Individual politicians with structural power, either powerful partyroom members of the (conservative) Federal government or people holding some of the balance of the power in the Federal Senate, were pleased with Donald Trump’s policy platform and were either openly pleased he was elected or signalled their alignment with voters who embraced his platform.. Have some names: Tony Abbott (who was Prime Minister 2013–2015, and who is widely understood to be planning to be so again), Cory Bernardi, Pauline Hanson. Here’s one article for you. (If you’d like to learn more about the electoral popularity of various political parties in one place, I think the 2016 Federal Senate votes would be the first place I’d look.)

There are plenty of people left out of Australia’s economic success and who don’t see themselves portrayed in our national picture of what is good about Australia. And per the last entry, I think we’re at serious risk of the first economic downturn in a generation, and everyone holding more tightly to anything that promises they can keep what they have, or get back what they lost.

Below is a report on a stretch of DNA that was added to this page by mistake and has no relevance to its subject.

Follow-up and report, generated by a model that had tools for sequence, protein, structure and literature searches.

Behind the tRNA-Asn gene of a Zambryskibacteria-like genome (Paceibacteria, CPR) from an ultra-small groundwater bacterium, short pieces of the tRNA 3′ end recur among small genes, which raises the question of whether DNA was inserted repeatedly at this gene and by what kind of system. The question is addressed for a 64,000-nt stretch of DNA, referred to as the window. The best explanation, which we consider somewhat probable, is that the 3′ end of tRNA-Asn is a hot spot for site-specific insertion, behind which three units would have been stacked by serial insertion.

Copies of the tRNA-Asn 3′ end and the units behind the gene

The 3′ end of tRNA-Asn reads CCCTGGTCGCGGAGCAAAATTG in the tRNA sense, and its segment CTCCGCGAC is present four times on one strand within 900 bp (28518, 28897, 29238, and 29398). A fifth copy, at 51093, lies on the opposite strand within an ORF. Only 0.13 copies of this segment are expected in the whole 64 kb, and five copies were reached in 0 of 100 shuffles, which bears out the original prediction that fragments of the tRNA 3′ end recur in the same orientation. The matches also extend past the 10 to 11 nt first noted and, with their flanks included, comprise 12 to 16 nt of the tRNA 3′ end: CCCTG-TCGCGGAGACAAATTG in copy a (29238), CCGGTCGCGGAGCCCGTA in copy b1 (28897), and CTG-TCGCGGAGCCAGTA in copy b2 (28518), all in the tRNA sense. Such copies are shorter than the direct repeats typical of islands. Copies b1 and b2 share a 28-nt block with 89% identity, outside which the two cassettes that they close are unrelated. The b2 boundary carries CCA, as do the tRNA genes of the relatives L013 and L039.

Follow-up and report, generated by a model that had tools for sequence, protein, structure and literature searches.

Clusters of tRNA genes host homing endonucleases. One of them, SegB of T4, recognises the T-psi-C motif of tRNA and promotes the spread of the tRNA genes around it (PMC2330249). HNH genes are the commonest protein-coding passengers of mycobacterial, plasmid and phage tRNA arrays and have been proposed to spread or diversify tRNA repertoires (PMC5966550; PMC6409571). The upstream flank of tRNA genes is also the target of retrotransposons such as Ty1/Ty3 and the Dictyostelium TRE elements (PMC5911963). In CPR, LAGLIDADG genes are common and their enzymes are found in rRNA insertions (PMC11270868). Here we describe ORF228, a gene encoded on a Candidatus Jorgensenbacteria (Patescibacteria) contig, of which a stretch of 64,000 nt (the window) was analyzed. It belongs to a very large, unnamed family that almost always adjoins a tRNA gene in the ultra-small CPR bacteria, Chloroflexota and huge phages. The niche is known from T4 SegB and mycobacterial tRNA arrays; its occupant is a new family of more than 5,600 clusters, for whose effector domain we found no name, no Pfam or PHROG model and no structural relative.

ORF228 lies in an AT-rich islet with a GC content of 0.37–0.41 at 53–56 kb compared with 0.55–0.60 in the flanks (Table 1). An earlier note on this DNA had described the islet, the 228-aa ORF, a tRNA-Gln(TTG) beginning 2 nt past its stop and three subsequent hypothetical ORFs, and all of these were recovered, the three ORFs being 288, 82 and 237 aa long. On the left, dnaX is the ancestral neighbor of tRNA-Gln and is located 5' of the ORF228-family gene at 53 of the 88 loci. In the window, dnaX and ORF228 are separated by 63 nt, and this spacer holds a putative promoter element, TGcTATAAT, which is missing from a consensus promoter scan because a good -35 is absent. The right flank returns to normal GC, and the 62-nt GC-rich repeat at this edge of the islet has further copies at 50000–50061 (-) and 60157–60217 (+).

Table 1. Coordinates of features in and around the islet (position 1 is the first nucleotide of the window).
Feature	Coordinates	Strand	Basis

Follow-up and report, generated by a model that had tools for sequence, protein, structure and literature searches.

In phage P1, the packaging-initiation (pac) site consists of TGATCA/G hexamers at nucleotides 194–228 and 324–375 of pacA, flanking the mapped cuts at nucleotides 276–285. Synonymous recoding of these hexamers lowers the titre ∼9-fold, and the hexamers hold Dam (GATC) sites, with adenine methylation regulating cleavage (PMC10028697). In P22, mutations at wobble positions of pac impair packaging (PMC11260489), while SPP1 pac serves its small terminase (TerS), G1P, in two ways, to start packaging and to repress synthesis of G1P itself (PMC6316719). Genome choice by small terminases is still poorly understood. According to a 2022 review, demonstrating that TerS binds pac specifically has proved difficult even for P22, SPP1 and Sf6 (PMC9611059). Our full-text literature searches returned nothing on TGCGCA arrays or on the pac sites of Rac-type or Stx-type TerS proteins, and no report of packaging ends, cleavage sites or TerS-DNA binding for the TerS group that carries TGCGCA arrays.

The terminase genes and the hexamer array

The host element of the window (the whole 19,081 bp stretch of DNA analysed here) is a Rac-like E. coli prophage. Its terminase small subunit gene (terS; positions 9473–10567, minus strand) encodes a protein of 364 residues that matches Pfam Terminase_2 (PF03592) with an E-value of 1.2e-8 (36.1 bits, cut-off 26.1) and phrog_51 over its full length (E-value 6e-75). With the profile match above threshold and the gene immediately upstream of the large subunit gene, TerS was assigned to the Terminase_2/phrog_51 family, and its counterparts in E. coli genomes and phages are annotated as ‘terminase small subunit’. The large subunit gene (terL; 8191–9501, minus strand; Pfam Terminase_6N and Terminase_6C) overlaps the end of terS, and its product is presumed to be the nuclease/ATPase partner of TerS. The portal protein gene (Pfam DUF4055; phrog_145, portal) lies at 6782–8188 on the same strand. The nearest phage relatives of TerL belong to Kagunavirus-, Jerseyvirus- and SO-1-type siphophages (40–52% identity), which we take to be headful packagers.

Rupert Murdoch was born in Australia and lived here until he was in his forties (he’s now a US citizen and forfeited Australian citizenship), News Corp was founded here and the Australian arm is one of our largest media companies. We do not have a direct equivalent of Fox News, but Murdoch is actively interested in Australian politics and involved to the point of being a kingmaker, both because of his outlets’ editorialising, and through direct regular contact with senior Australian politicians.